Maltese tourists have been visiting Sicily since time immemorial, mostly because of its proximity to our island and the fact that the culture and people seem to be quite similar to ours.
The most popular idea was that Sicily was not only easily reachable, but also not so very expensive, especially since it was mostly known for its very cheap and worthwhile local markets. In Malta, it seems to be advertised as a haven for bargain-hunters, the promised land for those looking for a good deal, not to mention a utopia for those wanting to enjoy the sun, sea and great weather we have in Malta, but in a different setting.
Mount Etna, Catania and Trapani seem to be three of the most common destinations – offering the visitor not only shopping and night life, but also a dash of culture, should one be so inclined.
This is what I expected when my other half proposed spending a Valentine’s long weekend in Sicily, a couple of years ago. Honestly, I was not overly thrilled. Not being a fan of shopping abroad, at the time it seemed like a glorified trip to Gozo, in other words, familiar and offering nothing new.
I was an idiot.
True, all I had heard from my fellow Maltese about Sicily pointed towards this erroneous idea, maybe most people disembark at the airport in Catania and so remain in the area, or maybe they just do not tend to associate Sicily with culture, learning and history – but there is that and so much more!
When I started to research about Sicily, and more specifically its North Western part, since we were going to be using the airport at Palermo, I was astonished and overjoyed. Greeks, Romans, Byzantines, Arabs, Knights – Sicilian history was enormously rich. All these peoples had left a sign of their passing and more. I could not wait to visit, and in fact the trip was not just one to remember, but one to repeat!
There were many sites which attracted and captured my interest, but three in particular were too magical and had too strong an impact not to be mentioned here.
Erice – The City in the Sky
The mesmerising medieval city of Erice, situated on Mount Erice, sits on a cloud. That is the only way I can describe it. We drove for more than half an hour through incredibly steep, winding roads, always going upwards, to access it. Misty tentacles reached out to embrace us and as we finally parked and entered the Porta Trapani, we could hardly see the beautiful Chiesa Madre through the fog.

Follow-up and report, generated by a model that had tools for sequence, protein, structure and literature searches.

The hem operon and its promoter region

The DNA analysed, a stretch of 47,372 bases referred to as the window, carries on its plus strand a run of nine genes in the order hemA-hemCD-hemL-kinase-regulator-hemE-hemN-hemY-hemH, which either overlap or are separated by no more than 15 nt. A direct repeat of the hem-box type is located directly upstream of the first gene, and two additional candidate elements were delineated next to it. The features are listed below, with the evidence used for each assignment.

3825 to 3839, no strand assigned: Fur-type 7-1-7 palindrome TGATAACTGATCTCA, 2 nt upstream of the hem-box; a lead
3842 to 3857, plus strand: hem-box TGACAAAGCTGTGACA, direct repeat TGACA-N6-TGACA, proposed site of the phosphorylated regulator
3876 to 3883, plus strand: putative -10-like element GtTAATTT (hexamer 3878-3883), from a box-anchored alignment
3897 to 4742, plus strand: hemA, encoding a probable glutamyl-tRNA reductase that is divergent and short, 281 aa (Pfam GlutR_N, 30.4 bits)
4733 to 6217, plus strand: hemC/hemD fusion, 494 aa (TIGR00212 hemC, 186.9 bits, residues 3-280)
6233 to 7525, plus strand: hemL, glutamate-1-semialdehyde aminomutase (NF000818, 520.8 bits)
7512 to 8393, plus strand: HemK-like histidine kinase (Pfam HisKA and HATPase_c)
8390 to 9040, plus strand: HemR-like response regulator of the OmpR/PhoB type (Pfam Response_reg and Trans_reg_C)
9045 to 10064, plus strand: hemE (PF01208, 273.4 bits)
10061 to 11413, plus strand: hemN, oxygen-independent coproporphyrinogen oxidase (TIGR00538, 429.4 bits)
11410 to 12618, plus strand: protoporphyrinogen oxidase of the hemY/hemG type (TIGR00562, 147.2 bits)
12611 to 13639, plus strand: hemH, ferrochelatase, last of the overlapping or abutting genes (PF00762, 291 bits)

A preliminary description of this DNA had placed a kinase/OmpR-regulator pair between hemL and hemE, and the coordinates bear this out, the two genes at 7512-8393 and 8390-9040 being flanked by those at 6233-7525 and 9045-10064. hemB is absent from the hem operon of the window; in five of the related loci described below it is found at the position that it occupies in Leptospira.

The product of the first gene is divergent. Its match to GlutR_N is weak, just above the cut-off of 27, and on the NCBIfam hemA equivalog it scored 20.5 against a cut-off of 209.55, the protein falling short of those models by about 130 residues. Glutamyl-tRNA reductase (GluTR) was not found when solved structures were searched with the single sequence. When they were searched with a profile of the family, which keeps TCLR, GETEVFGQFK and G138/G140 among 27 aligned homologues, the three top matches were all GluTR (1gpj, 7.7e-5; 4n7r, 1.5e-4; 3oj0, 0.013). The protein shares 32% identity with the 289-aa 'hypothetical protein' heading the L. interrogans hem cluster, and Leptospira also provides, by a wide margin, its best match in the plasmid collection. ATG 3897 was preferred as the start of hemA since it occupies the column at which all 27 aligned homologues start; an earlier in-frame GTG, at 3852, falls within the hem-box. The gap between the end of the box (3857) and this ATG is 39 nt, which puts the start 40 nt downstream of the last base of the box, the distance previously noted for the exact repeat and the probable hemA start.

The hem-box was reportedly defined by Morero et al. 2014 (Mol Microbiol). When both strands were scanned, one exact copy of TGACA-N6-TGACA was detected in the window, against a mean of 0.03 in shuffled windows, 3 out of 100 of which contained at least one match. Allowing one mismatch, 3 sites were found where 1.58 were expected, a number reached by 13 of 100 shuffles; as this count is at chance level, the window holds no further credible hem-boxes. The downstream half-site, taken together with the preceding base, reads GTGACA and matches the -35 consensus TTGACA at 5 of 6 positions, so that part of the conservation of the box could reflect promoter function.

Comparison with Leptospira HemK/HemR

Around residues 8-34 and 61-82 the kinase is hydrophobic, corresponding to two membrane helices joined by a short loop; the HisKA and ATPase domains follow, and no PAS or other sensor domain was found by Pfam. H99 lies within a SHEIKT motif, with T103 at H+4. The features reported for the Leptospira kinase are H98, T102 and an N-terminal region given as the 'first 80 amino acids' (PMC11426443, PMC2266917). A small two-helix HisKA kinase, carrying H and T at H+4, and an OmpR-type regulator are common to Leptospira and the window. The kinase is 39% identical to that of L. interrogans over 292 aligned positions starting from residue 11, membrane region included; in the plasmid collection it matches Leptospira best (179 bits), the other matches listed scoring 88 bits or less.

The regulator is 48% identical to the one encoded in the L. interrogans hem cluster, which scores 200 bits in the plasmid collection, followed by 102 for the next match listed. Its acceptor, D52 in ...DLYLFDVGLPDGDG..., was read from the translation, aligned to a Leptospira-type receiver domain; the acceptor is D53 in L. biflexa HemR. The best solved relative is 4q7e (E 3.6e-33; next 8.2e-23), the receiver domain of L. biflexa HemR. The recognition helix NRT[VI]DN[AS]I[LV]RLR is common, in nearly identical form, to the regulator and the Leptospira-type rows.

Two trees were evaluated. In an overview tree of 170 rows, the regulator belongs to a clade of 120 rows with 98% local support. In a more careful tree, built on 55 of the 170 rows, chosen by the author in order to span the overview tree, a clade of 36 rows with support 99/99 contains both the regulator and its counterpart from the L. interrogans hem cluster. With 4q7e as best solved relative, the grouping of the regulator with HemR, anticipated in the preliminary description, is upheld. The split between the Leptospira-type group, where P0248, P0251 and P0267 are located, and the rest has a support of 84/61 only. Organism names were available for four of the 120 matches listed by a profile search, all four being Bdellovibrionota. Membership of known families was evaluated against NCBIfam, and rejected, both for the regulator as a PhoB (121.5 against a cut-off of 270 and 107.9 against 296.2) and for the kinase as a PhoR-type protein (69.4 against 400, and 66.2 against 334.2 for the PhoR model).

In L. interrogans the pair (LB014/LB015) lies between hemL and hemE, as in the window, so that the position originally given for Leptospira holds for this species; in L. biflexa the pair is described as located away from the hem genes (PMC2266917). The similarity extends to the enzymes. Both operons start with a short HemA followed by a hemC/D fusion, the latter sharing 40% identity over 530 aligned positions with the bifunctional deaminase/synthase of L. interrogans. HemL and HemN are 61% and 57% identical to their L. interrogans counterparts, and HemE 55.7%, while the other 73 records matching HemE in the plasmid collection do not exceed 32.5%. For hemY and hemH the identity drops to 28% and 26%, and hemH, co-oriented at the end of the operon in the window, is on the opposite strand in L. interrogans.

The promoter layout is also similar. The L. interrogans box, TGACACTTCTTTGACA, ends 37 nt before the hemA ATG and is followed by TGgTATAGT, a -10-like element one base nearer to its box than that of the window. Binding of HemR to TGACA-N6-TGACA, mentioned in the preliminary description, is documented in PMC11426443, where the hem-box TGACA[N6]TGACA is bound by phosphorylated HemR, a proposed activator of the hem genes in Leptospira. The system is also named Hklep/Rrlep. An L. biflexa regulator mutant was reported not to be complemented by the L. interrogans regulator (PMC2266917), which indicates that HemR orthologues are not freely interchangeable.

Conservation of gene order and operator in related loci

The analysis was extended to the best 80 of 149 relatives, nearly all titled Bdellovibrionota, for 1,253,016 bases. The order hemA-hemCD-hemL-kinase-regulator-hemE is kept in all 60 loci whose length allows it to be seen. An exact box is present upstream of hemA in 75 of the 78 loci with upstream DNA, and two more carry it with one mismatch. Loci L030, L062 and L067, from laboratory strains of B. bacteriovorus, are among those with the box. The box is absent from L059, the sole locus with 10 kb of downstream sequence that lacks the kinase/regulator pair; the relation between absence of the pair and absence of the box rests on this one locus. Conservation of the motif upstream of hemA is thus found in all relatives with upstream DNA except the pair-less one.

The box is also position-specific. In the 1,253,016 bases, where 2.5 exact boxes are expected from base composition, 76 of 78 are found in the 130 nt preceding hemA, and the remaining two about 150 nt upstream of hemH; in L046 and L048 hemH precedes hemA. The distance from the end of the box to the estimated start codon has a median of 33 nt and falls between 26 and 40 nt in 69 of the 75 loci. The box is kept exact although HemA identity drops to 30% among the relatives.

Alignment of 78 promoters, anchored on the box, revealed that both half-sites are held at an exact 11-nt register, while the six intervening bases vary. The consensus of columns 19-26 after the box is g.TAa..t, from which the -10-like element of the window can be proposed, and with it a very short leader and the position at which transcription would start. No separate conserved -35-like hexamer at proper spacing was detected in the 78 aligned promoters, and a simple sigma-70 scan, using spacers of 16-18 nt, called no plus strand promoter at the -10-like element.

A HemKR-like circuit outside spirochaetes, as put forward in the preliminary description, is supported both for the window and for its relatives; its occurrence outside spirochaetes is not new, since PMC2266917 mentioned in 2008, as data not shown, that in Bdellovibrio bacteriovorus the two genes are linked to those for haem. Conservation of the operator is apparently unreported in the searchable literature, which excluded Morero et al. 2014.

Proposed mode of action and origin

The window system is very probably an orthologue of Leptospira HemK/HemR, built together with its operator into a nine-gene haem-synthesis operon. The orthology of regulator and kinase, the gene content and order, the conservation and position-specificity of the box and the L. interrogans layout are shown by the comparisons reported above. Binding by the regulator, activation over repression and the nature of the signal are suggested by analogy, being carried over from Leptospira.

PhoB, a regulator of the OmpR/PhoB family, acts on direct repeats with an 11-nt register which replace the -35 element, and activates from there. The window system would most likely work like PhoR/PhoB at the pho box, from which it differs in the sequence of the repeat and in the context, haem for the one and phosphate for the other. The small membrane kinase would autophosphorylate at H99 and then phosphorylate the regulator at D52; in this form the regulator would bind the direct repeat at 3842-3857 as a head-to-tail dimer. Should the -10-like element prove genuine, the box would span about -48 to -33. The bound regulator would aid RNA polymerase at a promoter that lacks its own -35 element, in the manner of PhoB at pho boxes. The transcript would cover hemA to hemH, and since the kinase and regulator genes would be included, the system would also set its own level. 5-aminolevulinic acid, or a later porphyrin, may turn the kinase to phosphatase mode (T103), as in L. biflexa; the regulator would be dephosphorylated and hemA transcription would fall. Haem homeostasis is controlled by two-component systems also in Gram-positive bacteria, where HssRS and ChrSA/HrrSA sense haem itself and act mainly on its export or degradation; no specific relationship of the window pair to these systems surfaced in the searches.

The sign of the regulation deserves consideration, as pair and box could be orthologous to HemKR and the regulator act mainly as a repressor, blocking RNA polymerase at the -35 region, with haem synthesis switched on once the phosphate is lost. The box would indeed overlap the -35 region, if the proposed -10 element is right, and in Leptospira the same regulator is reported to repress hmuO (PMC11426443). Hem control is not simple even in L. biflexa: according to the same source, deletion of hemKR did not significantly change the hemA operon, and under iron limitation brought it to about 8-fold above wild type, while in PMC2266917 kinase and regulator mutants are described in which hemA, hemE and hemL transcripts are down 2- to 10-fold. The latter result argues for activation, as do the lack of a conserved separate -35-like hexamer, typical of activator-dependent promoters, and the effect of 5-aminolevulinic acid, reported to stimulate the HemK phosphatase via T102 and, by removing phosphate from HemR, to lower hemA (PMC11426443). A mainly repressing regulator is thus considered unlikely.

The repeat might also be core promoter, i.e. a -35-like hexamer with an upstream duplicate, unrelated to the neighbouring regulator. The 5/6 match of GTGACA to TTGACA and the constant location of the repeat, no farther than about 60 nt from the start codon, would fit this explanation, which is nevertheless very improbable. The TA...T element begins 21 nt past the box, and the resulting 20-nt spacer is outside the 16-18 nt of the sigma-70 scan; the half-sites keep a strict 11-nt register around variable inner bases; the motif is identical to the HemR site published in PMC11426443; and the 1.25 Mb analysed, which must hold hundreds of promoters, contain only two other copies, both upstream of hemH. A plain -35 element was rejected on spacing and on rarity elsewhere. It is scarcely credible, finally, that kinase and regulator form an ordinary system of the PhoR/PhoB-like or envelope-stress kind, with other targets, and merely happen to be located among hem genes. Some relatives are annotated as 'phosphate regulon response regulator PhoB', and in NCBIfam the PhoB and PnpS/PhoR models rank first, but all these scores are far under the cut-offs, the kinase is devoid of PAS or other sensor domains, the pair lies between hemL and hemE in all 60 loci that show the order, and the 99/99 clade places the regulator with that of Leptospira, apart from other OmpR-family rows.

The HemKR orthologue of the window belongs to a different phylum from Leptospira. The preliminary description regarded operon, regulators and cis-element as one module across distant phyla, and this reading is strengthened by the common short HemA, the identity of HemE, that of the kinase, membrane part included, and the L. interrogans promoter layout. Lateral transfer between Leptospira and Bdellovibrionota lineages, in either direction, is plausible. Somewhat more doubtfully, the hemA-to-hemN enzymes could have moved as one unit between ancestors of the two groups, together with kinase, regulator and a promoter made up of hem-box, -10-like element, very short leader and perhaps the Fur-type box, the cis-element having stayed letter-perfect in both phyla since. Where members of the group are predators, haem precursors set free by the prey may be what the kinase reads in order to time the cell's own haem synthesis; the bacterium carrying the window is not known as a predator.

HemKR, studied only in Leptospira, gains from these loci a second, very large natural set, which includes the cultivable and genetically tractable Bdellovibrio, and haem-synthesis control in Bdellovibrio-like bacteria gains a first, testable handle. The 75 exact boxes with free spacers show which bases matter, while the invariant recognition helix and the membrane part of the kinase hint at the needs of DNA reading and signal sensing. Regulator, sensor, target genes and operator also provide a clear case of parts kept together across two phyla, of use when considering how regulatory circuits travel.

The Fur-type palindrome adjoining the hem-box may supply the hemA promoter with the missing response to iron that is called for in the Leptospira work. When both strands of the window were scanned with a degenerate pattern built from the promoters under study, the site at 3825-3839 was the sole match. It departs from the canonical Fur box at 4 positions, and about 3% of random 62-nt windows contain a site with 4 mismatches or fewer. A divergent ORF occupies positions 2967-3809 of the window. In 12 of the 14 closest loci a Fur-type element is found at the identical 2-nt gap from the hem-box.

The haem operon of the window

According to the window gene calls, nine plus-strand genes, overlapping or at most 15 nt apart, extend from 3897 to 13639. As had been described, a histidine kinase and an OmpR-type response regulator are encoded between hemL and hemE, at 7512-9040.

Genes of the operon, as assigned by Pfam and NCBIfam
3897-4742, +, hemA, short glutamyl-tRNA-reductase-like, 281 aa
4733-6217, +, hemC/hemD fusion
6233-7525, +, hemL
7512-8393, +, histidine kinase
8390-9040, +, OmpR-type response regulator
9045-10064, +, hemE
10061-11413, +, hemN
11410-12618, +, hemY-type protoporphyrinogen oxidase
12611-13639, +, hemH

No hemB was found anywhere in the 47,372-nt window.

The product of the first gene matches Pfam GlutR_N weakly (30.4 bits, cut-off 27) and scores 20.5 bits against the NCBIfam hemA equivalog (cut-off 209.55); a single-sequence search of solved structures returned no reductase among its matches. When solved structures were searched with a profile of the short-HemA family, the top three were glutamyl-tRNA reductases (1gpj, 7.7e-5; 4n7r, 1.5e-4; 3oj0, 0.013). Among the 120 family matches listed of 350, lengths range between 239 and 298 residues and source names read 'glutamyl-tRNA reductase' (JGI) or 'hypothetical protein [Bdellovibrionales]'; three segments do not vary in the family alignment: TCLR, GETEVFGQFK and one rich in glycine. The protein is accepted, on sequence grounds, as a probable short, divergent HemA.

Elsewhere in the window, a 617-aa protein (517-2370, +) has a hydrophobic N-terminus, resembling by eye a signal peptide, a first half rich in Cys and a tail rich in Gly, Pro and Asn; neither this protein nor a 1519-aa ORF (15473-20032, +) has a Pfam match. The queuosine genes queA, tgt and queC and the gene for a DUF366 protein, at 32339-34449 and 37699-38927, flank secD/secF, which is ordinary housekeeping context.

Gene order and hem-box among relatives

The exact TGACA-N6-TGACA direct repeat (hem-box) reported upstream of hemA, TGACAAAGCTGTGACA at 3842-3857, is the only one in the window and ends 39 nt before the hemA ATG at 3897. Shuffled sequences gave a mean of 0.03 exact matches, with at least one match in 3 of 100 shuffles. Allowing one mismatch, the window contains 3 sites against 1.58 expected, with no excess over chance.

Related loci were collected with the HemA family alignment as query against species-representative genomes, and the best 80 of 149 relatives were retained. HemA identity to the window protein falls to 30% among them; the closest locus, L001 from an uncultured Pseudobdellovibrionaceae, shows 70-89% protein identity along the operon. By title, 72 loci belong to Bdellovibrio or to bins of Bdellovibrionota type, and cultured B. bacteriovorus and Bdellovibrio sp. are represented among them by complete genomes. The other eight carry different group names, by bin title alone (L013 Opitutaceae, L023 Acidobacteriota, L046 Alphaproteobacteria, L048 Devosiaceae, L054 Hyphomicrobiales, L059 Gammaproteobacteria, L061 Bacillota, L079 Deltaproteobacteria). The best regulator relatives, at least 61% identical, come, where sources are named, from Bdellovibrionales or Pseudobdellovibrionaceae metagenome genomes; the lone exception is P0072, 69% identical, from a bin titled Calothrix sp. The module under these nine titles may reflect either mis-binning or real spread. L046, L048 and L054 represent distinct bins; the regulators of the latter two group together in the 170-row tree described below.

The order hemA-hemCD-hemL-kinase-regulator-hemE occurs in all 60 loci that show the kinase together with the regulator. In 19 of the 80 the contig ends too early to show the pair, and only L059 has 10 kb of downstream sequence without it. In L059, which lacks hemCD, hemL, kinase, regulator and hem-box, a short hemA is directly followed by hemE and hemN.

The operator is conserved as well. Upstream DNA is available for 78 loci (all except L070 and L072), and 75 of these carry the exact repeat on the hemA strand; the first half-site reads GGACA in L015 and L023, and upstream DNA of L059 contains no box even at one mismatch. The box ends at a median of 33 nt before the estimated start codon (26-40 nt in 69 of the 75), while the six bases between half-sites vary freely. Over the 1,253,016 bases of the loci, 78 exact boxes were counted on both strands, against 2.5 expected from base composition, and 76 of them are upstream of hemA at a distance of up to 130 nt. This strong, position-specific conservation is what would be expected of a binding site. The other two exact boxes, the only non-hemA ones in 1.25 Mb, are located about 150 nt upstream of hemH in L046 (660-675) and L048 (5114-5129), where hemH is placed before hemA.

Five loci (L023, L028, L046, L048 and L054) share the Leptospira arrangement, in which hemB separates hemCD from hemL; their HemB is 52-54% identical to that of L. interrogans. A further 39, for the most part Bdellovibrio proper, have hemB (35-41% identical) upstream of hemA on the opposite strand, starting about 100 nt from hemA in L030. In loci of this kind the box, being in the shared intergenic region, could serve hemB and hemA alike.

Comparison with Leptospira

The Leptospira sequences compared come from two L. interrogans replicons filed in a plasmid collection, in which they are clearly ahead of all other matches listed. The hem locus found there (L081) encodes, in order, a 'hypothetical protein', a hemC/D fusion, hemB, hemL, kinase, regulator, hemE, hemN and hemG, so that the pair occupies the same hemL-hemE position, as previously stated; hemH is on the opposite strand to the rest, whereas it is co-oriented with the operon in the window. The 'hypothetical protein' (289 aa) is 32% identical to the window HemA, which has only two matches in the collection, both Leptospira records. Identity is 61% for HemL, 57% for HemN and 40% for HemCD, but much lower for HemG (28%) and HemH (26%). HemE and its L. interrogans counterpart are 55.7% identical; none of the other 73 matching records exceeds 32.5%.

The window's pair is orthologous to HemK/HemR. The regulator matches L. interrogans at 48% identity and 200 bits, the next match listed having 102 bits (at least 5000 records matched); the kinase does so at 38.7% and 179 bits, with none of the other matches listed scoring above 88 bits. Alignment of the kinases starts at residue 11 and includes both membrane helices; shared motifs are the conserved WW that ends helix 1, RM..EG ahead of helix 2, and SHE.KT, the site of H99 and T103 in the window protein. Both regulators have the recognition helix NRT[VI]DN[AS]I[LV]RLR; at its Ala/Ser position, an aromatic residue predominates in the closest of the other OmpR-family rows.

Honestly, I felt like I was in a medieval representation of the movie Silent Hill! Nothing could be heard. All sound was eerily muted as we climbed the long winding slippery stairs to the bell tower (in the dark I might add), and I grabbed the wet wall in fear. The view at the top was more than worth it however, as was the Norman Castello di Venere (Castle of Venus) and the imposing Pepoli Castle, dating from Saracen times.
Segesta Temple and Amphitheatre
Originally Greek, later taken over by the Romans, Segesta offers not just a Hellenic Doric Temple, which is known as being the best preserved of its kind in the world, but also a ruined Roman settlement and a spectacular Roman Amphitheatre situated on Mount Barbaro and reachable on foot. The Amphitheatre offers one of the most spectacular views in Sicily, as from its twenty tiers of steps, carved from the solid rock of the mountain and elevated four hundred metres above sea level, one can enjoy magnificent, panoramic views.
Palermo’s Hidden Catacombs
In the heart of the busy and metropolitan city of Palermo, underneath Palermo’s small Capuchin monastery, lies a macabre and extraordinary historical record of life and death. The underground crypts, which were excavated as early as the sixteenth century, hold the embalmed and mummified remains of approximately 8,000 people. Many would have left a will which contained their wish to be interred in these catacombs for spiritual reasons.
I was amazed and a bit horrified at how big this crypt is. The bodies, which are encased in glass cases which line the walls, are preserved in various states of dress and undress. These are divided into various categories, mainly men, women, children, priests, virgins, monks and professionals. The last to be embalmed was the famous two-year old Rosalia Lombardo, who was interred in 1920 and whose body is still almost perfectly and remarkably intact. This place is definitely not for the faint-hearted!
These are just a few of the amazing sites I discovered in Sicily and I am sure that there are many more beautiful and awe-inspiring places to be seen.
Have you ever been to Sicily?